Uranium Containing Pencil (ca. 1960)


This advertising pencil has a plastic container at one end that contains a sample of uranium ore. It was produced for the Eberly Sales Corporation by the Kingston Pencil Company of Chattanooga, Tennessee.

In 1957, the Kingston Pencil Company received a license from the Atomic Energy Commission that authorized them to possess up to 24 tons of uranium ore. Nevertheless, it seems that their one and only purchase was for 2,400 pounds of ore from the Daybuck Company of Spokane Washington. The ore was ground up in a rock crusher that belonged to a farmer in Rossville, Georgia. At least in some cases, a green dye was added to the ore to give it a “romantic” appearance.

Pencil close-up
Pencil close-up

Each pencil contained 1.5 to 2.5 grams of 1.7% ore (ca. 0.02 uCi). A memorandum from the Atomic Energy Commission in 1960 estimated that if the entire sample were ingested, the incorporated uranium would only amount to 1/25,000 of the permissible body burden. Nevertheless, that same year the New York Times reported that the Erie County (New York) Health Department had ordered the confiscation of similar pencils advertising the Chicken Delight restaurants. The county Health Commissioner claimed that the ore was toxic and “posed a significant hazard if ingested by a child.” The pencils read “Chicken Delight conduction method has done for the food business what uranium ore has done for AEC.”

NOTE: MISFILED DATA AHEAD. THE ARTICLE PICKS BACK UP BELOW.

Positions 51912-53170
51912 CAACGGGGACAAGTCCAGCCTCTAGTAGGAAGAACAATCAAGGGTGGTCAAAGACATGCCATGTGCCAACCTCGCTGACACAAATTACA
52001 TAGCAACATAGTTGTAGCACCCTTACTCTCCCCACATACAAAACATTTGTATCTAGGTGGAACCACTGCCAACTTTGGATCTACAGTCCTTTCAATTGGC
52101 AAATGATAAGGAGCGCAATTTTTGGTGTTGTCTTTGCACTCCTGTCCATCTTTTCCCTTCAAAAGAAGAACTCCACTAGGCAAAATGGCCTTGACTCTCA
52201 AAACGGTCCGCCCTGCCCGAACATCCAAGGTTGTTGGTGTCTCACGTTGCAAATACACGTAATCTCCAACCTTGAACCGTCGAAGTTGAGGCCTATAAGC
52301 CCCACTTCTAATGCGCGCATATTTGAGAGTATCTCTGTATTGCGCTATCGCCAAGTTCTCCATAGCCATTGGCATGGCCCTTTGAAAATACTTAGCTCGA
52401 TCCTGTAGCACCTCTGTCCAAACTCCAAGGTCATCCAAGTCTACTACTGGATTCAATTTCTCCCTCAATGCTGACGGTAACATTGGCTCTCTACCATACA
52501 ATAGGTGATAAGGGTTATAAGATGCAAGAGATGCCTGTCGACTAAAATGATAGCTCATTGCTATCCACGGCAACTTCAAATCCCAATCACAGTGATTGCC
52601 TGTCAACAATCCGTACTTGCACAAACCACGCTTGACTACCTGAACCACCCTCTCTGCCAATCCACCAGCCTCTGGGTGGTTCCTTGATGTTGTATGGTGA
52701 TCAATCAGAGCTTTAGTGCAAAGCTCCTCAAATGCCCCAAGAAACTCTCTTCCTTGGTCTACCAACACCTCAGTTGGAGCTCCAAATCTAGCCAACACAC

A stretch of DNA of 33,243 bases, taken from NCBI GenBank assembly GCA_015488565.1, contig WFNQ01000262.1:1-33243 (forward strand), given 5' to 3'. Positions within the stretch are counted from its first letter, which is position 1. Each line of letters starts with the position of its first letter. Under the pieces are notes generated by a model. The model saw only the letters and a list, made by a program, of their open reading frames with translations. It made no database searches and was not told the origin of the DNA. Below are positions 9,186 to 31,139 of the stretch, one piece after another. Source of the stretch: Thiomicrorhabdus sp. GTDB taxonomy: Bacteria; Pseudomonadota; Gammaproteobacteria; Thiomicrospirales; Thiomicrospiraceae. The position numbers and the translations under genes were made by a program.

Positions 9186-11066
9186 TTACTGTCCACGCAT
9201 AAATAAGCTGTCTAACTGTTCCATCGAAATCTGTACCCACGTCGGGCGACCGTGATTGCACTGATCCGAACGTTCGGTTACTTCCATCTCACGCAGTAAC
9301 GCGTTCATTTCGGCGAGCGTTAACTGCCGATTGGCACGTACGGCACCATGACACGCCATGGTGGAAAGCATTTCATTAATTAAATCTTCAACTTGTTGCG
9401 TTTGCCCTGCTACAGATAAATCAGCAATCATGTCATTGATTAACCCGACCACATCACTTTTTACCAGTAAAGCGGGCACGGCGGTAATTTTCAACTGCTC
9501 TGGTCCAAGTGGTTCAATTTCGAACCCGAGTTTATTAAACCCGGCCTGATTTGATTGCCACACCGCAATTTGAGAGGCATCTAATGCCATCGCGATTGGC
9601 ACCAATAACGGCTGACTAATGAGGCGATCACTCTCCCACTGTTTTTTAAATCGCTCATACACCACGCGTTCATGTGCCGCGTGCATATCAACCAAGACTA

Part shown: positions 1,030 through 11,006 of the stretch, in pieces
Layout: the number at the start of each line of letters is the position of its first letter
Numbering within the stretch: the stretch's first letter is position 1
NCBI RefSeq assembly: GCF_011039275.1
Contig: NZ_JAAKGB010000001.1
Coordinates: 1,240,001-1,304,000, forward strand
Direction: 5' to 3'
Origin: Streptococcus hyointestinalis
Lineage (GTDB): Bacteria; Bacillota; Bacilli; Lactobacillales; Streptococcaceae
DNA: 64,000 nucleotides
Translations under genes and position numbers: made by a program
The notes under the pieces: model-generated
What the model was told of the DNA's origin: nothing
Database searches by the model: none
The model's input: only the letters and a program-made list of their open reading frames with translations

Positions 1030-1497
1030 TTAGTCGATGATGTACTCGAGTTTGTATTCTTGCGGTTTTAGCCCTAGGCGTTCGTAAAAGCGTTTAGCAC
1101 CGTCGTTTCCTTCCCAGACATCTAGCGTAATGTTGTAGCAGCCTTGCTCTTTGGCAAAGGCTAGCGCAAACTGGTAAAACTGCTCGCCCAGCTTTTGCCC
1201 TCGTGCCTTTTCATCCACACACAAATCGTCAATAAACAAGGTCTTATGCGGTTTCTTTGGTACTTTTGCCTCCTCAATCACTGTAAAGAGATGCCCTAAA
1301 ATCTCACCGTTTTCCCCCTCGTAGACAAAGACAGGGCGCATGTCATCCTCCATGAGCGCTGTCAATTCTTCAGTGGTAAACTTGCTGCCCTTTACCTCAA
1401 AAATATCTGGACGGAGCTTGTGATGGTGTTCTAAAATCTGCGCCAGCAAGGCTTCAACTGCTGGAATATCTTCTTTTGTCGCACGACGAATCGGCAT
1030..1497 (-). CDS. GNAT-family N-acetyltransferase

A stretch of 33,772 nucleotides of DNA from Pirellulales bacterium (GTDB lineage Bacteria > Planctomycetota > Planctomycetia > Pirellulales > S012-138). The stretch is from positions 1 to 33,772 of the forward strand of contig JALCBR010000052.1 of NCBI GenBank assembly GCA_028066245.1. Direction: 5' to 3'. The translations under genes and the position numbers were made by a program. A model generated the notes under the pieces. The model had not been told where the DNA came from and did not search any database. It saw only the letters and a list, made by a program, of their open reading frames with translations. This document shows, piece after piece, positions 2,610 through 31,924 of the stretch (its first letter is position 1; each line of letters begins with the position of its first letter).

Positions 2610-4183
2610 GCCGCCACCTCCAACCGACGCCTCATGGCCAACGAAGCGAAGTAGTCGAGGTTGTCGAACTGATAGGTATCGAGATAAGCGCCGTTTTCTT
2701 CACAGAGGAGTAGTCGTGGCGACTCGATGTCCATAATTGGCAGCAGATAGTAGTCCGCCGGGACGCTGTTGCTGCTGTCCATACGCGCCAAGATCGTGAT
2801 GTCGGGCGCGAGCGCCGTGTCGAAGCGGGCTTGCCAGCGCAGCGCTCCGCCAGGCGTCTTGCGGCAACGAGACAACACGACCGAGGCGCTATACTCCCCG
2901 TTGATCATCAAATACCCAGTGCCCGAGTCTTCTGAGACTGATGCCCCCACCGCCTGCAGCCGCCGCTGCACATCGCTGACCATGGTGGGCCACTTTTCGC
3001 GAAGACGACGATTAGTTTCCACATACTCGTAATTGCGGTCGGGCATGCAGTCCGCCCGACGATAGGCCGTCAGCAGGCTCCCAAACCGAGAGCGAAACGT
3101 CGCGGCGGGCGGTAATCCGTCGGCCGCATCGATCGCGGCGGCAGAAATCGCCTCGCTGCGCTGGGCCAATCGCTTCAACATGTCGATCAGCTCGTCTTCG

Pencil close-up


  • Memorandum from J.O. Delaney, Nuclear Materials Branch, Atomic Energy Commission. November 1960.
  • Memo from James Turner, Health Protection Branch, Atomic Energy Commission. September 1959.
  • Compliance Inspection Report. United States Atomic Energy Commission. Form AEC-417, August 1956.
  • Pencils Radioactive. New York Times October 30, 1960.